If in the event you have never done any form of sprint or it has been awhile, a regression is to start off with brisk walks, slowly proceeding to jogging, striding then sprints. Sprinting right off the bat is extremely dangerous. It not only requires a great deal of warm up but also your connective tissues have to be ready for it. By doing the regressions as mentioned above, you will slowly build up your connective tissues for the sprints.

Eccentric Nordic Curls and Reverse Nordic Curls:

Another way to effectively work muscles besides concentric action (shortening of muscles) is the opposite of it or the eccentric action (lengthening of muscles). The Eccentric Reverse Nordic works the rectus femoris (one of the four quadriceps) via loaded stretching. It is a very challenging exercise and extreme precaution must be taken. The Eccentric Nordic works the hamstrings similarly via loaded stretching and again, precaution must be taken.


Regressions for the above two exercises are straightforward. The deeper the range of motion, the harder it is, so start off with something you can handle before increasing the range of motion.

Determining volume:

Before we get into the program, we need to understand the concept of Minimal effective volume (MEV), Maximum adaptive volume (MAV) and Maximal recoverable volume (MRV) as popularized by Dr. Mike Israetel. As the name suggest, the (MEV) is the minimal volume one must attain in a week for adaptations to occur and the (MRV) is the maximum recoverable volume before diminishing returns. The (MAV) could be anything between the (MEV) and (MRV).

Below is the table from an excerpt of Dr Mike Israetel’s volume for Hypertrophy.

Cross referencing with James Kriger’s volume landmarks for hypertrophy, it seems on average, muscle growth tends to occur around 6-8 hard sets per muscle group per training session.

As there is no hard data that confines compound (exercises that crosses multiple joints) movements to how much it carries over to another muscle group, (example would be as much as a squat works the quads, it also works the glutes and hamstrings), we will take it as a set of squats is a working set for the glutes, hamstrings and quads.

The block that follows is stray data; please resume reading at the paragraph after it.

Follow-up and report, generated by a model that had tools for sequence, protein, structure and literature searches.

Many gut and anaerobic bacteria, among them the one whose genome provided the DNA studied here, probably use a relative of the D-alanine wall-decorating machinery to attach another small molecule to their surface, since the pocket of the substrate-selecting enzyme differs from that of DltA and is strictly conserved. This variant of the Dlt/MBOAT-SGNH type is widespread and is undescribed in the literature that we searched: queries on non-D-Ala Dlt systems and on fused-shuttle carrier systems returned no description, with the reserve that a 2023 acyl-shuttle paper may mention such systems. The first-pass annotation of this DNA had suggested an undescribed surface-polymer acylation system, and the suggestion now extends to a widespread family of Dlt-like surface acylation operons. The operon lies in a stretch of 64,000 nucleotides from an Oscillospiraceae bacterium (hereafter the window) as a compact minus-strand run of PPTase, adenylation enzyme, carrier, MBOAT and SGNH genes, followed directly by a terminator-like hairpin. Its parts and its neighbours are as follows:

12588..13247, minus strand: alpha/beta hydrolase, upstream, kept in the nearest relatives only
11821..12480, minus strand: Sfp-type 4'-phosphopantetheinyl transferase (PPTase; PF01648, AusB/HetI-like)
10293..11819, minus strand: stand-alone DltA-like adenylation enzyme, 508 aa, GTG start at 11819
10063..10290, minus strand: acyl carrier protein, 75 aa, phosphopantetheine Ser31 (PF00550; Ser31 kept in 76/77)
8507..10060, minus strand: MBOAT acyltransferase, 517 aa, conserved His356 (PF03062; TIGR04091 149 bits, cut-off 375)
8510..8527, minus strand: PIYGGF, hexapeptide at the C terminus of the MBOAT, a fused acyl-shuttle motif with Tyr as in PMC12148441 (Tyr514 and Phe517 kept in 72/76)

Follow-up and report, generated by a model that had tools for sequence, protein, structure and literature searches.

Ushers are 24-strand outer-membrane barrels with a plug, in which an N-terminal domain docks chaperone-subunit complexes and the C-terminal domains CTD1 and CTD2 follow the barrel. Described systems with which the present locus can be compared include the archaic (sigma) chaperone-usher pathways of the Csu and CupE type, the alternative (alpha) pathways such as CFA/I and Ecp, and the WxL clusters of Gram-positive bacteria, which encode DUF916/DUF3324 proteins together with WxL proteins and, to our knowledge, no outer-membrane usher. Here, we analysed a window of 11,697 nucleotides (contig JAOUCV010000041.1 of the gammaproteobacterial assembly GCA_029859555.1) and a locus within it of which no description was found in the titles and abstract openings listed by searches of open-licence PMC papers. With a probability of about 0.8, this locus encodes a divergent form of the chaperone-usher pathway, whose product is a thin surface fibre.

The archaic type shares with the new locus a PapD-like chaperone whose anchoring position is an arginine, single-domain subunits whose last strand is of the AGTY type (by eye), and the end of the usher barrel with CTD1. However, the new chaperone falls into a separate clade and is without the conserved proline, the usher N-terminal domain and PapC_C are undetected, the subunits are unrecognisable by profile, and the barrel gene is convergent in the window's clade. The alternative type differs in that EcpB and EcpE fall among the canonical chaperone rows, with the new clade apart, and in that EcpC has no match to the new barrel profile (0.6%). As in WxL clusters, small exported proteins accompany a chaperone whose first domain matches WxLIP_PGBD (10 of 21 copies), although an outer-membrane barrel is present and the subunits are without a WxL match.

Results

With the principles being set, methods can be aplenty. To make things easy, we will take the (MAV) for each body part and see how we can string things together.

The Program

Pick a variation which corresponds to a rate of perceived exertion (RPE) of 7-8 on each exercise.

For Day 1 of leg day, a sample routine can look like this:

A1 Weighted Pistol Squats        3 x 8/8 (2111)*, Rest 90-120s

B1 Deficit Shrimp Squats          3 x 8/8 (2111)*, Rest 90-120s

C1 Eccentric Reverse Nordic    3 x 6 (4111)*, Rest 30s

C2 Eccentric Nordic                   3 x 6 (4111)*, Rest 60s


*2111 means tempo of

First Number – 2 seconds on the eccentric or lengthening of the muscle

2nd Number – 1 second on the pause at the fully stretched position

3rd Number – 1 second on the concentric or shortening of the muscle

4th Number – 1 second on the pause at the fully shortened position

To progress, utilise the single progression method and increase 1 rep for A1, B1, C1 and C2. Increase 1-2 reps per session on each of this exercise. If that is difficult, increase the time under tension by adding 1s more on the eccentric portion of the lift.

For Day 2 of leg day, a sample routine can look like this:

A1 Sprints                    6 x 12s, Rest 120s

For progression, utilize the single progression method as well, by adding 1 set per session or increasing the duration by 2s.

In a week, the above training volume works out to be:

Not only do we fall in the recommended (MAV), each session also falls between the confines of 6-9 sets per muscle group per session.

Give this routine a shot, you will be surprised at not only how effective it is in building the lower body, but also how it helps with fat loss.

P.S: Be sure to check out our YouTube channel for Legs training to have even more ideas and advanced exercises with bodyweight only, coming out on the 27th May 2020.